Instant Hydrogen?

Researchers at the U. S. Army’s Research Laboratory at the Aberdeen Proving Ground, Maryland, announced what they call a “groundbreaking discovery – an aluminum nanomaterial they designed produces high amounts of energy when it comes in contact with water, or with any liquid containing water.”

Reportedly “during routine materials experimentation,” the team observed a bubbling reaction when they added water to a nano-galvanic aluminum-based powder.  The rapid and spontaneous hydrolysis of water did not require a catalyst came as a surprise to the researchers.

Scott Grendahl, a materials engineer and team leader, explained, “The hydrogen that is given off can be used as a fuel in a fuel cell.”  Unlike most water splitting, this is a one-step process, adding water to the special powder.  Dr. Anit Giri, a physicist in the Weapons and Materials Research Directorate at the lab, explains, “In our case, it does not need a catalyst.  Also, it is very fast. For example, we have calculated that one kilogram of aluminum powder (plus an unspecified amount of water) can produce 220 kilowatts of energy in just three minutes.”

Usually, the catalyst takes time to produce a reaction, and often researchers have to increase the temperature of the materials, electrify things, or use additional chemicals – sometimes toxic.  Giri adds that the 220 kilowatts per kilogram is, “…a lot of power to run any electrical equipment.  These rates are the fastest known without using catalysts such as an acid, base or elevated temperatures.”

Grendahl comments, “We just take our material, put it in the water and the water splits down into hydrogen and oxygen.  There are other researchers who have been searching their whole lives and their optimized product takes many hours to achieve, say 50 percent efficiency.  Ours does it to nearly 100 percent efficiency in less than three minutes.”

In a demonstration, Army researcher Anthony J. Roberts powers a radio-controlled toy tank with hydrogen harvested from a unique chemical reaction. Scientists and engineers have found a way to split hydrogen and oxygen quickly and without a catalyst resulting in high amounts of energy. (Photo: U.S. Army photo by David McNally)

The powder could be 3D printed, allowing vehicles to feed off their very structure and self-destruct at the end of a mission.  Patrols out on assignment could simply add water to the nano-material powder to recharge mobile devices.  Civilians would probably appreciate being able to generate power by just adding water.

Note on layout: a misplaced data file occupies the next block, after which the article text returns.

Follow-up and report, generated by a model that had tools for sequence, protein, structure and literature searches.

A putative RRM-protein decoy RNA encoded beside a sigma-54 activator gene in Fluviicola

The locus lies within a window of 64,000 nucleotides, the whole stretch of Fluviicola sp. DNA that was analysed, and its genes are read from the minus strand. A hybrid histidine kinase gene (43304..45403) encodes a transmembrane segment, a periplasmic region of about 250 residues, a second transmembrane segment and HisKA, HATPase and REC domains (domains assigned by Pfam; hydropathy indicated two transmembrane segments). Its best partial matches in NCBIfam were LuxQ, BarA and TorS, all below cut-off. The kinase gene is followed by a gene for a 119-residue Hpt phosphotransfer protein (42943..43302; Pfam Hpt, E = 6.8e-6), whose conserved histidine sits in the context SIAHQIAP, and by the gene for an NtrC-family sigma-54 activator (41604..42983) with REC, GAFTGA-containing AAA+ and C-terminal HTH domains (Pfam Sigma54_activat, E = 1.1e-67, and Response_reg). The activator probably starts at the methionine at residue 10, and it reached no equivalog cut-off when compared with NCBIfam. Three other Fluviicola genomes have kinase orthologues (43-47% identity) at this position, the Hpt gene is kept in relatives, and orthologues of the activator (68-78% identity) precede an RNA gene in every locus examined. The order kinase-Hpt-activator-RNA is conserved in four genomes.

Certainly the high power output and ease of use (in a more refined product, probably) would make this a handy way to carry additional potential energy in one’s vehicle or backpack.  This could be an exciting development to follow.

{ 3 comments… add one }
  • Howard 08/12/2017, 5:48 pm

    220 KW is about 293 HP-hours. That’s about 745,000 BTU or about 6.5 gallons of gasoline which would weigh about 39 pounds vs. 1 kg or about 2.2 pounds.

    Hydrogen contains about as much heat energy in 2.2 pounds as does gasoline in 1 gallon (about 6 pounds).

    39/2.2=17.73 pounds of hydrogen plus 2.2 pounds of powder or roughly 20 pounds of fuel plus the weight of the oxygen and you get 293 HP-hours. SFC potential: .07. So even if you burn it in a piston engine you get .21 which is twice as good as gasoline, roughly speaking. Of course, that’s worst case for how to produce power, right? And you carry your own oxygen.

    But what does it take to produce the powder?

  • T Boyle 08/14/2017, 4:46 am

    Three kilowatts is a measure of power, not energy. Does he mean three kiloJoules? Three kilowatt-hours? A kilo of aluminum is a lot. But three kWh in three minutes would be a power output of 60 kW, which is very considerable. And three kilowatt-hours per kilo would be more than ten times the energy storage of current batteries. Of course, there’s also the water to consider, but then again according to the linked story there’s roughly as much energy again released as heat, which could drive some sort of heat engine. But, on the other hand, when you consider a charge/discharge cycle, for electrical purposes that heat is a bit of an efficiency killer.

    Any idea how much energy is involved in “recharging” the material?

  • Steven Anderson 08/17/2017, 11:03 am

    It’s very hard to hear a scientist describe 240kW of “energy”. It would be impressive if he meant 240kWh.
    The obvious questions are: How much energy does it take to produce the aluminum material? How much of that do you get back? Does the hydrolysis produce just hydrogen, or free oxygen as well, which would have safety implications? Without answers to those questions, this is just another Powerpoint of teleportation to Andromeda . . .

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